Massachusetts Gov. William F. Weld said Monday he will propose about $30 million of state aid in his fiscal 1994 budget to ease the financial burden the Boston Harbor cleanup project has placed on water and sewer ratepayers.

The state has contributed $160 million for the cleanup since 1986, or roughly 4% of the amount spent, according to administration officials and a spokesman for the Massachusetts Water Resources Authority.

No decision has been made about whether the relief to be proposed in the budget will come as a tax credit or if direct subsidies will be paid to the MWRA, which has been ordered by the courts to fund the bulk of the $4.3 billion project.

At a press conference Monday, Weld said he prefers that Massachusetts residents receive the funds through a series of tax credits.

Authority officials said that if state aid goes directly to the MWRA, ratepayers' water and sewer bills would go up less than 10% in fiscal 1994, instead of the projected 18%.

The governor's announcement comes as public protests over water and sewer rates have reached the boiling point.

Last Saturday in Quincy, 500 Bay State residents staged a 1993 version of the Boston Tea Party, throwing mock sewer and water bills into the harbor. Earlier in the week, 300 people burned their monthly bills on the steps of Chelsea's municipal building.

The protests came after recent cost analyses placed water and sewer rates at over $2,000 per year by 2005. Currently, the average family pays MWRA $545 per year, the highest in the nation.

The harbor cleanup and the construction of the Deer Island Water Treatment plant have been 90% financed through the proceeds of $2.2 billion in municipal bonds.

Administrative sources said that no matter how much the state dedicates for this project, rocky roads still lie ahead for ratepayers.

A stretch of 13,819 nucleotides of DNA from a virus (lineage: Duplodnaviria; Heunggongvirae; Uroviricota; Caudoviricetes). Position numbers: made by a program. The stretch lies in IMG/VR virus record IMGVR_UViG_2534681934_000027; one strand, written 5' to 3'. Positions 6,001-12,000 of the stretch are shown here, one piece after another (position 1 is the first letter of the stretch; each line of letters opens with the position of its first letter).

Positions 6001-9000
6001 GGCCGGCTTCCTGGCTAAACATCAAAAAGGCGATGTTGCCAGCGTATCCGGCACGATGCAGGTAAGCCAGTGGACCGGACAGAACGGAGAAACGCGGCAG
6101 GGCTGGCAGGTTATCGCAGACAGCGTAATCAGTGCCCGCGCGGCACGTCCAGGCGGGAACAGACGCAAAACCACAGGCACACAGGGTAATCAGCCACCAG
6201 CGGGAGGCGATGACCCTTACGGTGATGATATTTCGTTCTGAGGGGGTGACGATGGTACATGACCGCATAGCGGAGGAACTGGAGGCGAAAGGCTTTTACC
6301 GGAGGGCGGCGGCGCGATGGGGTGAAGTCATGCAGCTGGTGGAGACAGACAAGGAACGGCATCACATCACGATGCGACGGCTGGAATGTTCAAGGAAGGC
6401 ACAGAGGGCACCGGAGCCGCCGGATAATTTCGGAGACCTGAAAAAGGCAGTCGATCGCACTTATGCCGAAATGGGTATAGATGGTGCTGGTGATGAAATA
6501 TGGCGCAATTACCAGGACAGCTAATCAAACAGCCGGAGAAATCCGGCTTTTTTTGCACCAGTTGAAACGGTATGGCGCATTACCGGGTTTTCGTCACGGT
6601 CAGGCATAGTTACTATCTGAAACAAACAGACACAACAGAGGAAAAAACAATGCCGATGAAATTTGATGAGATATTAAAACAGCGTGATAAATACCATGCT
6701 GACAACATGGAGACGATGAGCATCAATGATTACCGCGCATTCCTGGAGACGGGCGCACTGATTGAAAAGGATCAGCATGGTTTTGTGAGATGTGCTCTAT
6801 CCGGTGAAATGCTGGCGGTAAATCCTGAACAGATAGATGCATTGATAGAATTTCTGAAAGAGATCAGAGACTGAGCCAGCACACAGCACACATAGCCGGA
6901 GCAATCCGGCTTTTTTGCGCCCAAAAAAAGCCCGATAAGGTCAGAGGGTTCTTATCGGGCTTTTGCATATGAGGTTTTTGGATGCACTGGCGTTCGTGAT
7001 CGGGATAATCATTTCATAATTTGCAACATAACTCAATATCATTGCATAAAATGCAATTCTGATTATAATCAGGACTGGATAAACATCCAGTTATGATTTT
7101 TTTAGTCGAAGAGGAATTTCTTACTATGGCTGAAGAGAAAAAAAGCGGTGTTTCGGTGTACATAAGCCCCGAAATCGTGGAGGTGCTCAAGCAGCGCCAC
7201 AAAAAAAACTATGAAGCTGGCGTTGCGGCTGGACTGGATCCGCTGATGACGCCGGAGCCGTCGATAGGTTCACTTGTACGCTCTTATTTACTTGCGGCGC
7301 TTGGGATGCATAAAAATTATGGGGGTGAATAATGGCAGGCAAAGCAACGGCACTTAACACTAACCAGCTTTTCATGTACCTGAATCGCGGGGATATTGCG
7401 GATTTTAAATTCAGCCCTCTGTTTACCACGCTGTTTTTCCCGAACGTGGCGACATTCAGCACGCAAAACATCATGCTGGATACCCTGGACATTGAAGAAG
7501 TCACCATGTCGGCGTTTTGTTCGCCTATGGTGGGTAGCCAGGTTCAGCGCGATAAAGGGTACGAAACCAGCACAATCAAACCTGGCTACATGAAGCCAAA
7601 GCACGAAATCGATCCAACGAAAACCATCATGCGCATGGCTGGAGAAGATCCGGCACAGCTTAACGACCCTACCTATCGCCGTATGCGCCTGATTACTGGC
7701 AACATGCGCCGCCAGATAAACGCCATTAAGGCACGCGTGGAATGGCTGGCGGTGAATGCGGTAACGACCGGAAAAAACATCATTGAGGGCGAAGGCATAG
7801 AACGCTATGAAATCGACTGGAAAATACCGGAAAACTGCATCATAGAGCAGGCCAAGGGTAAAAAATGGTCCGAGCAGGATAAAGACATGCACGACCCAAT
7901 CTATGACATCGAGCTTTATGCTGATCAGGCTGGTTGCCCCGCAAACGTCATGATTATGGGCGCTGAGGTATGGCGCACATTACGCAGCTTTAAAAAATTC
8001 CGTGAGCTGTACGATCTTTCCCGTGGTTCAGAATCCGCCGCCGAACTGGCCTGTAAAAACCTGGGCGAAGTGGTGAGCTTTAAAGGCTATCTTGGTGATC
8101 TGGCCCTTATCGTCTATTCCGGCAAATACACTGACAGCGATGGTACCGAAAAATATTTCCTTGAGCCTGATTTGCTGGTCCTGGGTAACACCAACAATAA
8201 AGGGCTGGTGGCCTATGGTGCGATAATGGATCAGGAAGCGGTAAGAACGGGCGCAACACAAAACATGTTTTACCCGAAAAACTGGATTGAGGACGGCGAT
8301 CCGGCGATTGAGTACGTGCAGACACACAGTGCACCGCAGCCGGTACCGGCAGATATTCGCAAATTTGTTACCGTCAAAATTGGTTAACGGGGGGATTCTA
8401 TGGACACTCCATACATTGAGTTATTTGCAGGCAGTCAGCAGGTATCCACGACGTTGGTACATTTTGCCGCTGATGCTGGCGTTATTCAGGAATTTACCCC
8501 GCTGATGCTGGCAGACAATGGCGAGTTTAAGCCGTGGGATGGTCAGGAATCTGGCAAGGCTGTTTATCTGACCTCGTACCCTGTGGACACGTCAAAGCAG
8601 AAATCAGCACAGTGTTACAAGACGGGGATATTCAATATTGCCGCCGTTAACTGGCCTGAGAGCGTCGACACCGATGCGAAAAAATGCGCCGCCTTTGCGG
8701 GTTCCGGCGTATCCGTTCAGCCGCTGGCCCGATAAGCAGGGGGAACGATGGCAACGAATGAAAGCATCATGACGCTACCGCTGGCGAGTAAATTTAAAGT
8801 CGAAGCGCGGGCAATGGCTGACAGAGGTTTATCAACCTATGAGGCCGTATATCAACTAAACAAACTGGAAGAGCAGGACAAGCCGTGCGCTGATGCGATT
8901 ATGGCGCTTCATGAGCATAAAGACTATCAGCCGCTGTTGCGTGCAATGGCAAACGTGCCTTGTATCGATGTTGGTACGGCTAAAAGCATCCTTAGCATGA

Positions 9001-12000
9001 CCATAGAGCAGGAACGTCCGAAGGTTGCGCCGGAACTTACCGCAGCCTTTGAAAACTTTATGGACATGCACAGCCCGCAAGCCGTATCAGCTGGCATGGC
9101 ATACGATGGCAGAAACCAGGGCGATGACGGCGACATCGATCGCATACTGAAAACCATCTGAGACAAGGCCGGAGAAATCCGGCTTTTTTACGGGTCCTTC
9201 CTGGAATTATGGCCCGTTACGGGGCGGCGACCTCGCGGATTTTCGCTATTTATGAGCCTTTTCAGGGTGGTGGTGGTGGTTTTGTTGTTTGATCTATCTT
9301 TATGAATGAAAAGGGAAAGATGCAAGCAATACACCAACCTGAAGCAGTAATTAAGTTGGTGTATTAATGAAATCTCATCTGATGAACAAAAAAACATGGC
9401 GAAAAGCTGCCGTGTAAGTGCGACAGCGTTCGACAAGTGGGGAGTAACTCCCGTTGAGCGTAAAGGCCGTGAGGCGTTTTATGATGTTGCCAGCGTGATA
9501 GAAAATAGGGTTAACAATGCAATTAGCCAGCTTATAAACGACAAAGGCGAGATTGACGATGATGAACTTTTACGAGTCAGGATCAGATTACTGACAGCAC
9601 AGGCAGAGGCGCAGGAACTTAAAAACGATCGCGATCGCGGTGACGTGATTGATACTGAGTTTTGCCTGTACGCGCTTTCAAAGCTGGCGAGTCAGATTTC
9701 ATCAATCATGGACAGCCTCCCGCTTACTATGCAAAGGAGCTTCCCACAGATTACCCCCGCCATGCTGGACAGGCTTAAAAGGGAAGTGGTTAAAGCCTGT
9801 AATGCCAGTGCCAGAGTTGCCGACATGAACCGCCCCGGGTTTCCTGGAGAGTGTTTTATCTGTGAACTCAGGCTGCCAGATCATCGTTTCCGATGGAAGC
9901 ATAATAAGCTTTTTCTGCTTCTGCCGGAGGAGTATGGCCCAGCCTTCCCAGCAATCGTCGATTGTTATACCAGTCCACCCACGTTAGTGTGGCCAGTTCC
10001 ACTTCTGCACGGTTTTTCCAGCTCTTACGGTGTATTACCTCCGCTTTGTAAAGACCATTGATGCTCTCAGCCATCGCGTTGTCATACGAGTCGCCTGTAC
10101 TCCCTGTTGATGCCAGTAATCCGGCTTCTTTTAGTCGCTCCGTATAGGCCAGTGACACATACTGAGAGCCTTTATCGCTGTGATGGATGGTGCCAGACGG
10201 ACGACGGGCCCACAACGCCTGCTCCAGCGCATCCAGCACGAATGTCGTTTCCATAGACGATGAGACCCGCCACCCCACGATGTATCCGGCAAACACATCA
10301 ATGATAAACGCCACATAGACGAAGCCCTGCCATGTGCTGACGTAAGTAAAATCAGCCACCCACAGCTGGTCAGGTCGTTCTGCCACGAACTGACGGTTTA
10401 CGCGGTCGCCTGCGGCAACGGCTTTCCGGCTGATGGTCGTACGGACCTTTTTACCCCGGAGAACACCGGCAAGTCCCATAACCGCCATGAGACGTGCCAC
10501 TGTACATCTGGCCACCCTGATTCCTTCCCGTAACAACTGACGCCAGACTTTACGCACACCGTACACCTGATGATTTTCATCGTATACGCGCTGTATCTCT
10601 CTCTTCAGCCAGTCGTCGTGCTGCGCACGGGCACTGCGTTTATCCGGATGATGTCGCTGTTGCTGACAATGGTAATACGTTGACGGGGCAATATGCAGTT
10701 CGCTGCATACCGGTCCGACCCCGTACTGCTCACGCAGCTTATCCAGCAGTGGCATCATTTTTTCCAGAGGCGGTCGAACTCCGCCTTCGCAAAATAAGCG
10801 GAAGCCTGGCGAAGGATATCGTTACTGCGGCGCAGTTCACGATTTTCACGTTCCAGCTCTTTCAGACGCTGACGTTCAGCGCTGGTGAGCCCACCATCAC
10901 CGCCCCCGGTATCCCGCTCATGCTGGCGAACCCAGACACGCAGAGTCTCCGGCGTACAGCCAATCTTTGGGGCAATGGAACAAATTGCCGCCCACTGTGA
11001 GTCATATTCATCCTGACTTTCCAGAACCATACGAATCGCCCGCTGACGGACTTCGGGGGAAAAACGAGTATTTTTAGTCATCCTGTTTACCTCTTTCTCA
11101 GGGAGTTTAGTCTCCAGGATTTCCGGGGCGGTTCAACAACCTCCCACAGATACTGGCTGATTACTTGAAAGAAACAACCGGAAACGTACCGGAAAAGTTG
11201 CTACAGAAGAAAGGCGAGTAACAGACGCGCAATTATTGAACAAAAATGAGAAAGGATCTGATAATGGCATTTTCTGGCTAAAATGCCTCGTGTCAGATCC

"Make no mistake, there will still be rate increases," said Dominic Slowey, an administration spokesman. "What we are trying to do is make sure that the state pays a share. ratepayers pay a share, and the federal government pays a share."

Last month, President Clinton pledged $100 million for debt service relief for the harbor cleanup project. But several protest groups said the state would have to play a larger role to obtain more federal aid.

"The amount of money the governor has pledged is an absolute joke," said Donald Jordan, head of Stop This Outrageous Project, or STOP, a water and sewer rate protest group in the state. "The governor reacted to the pressure instead of acting."

Jordan's group planned to hold a press conference last night and call on Weld to dedicate 1% or $150 million per year for the next 10 years for the harbor project.

"Without a commitment like that, we can forget about increased federal dollars," he said. Jordan said he would prefer the funds to be doled out to ratepayers via tax relief instead of paid directly to the MWRA.

Slowey said he was uncertain what Weld will decide on the allocations, but that senior members of the administration were split "pretty much down the middle."

The administrative spokesman said the timing of the announcement was not tied to any of the protests in the state.

"The announcement was not a response to the public outcry," Slowey said. "The governor has been thinking about doing something for the last three months."

Weld's plan differs from those of the protest groups. If a tax credit is given, it would be for the whole state and not just those affected by the MWRA cleanup.

Slowey said ongoing water and sewer projects in New Bedford and Salem would also benefit from Weld's plan.

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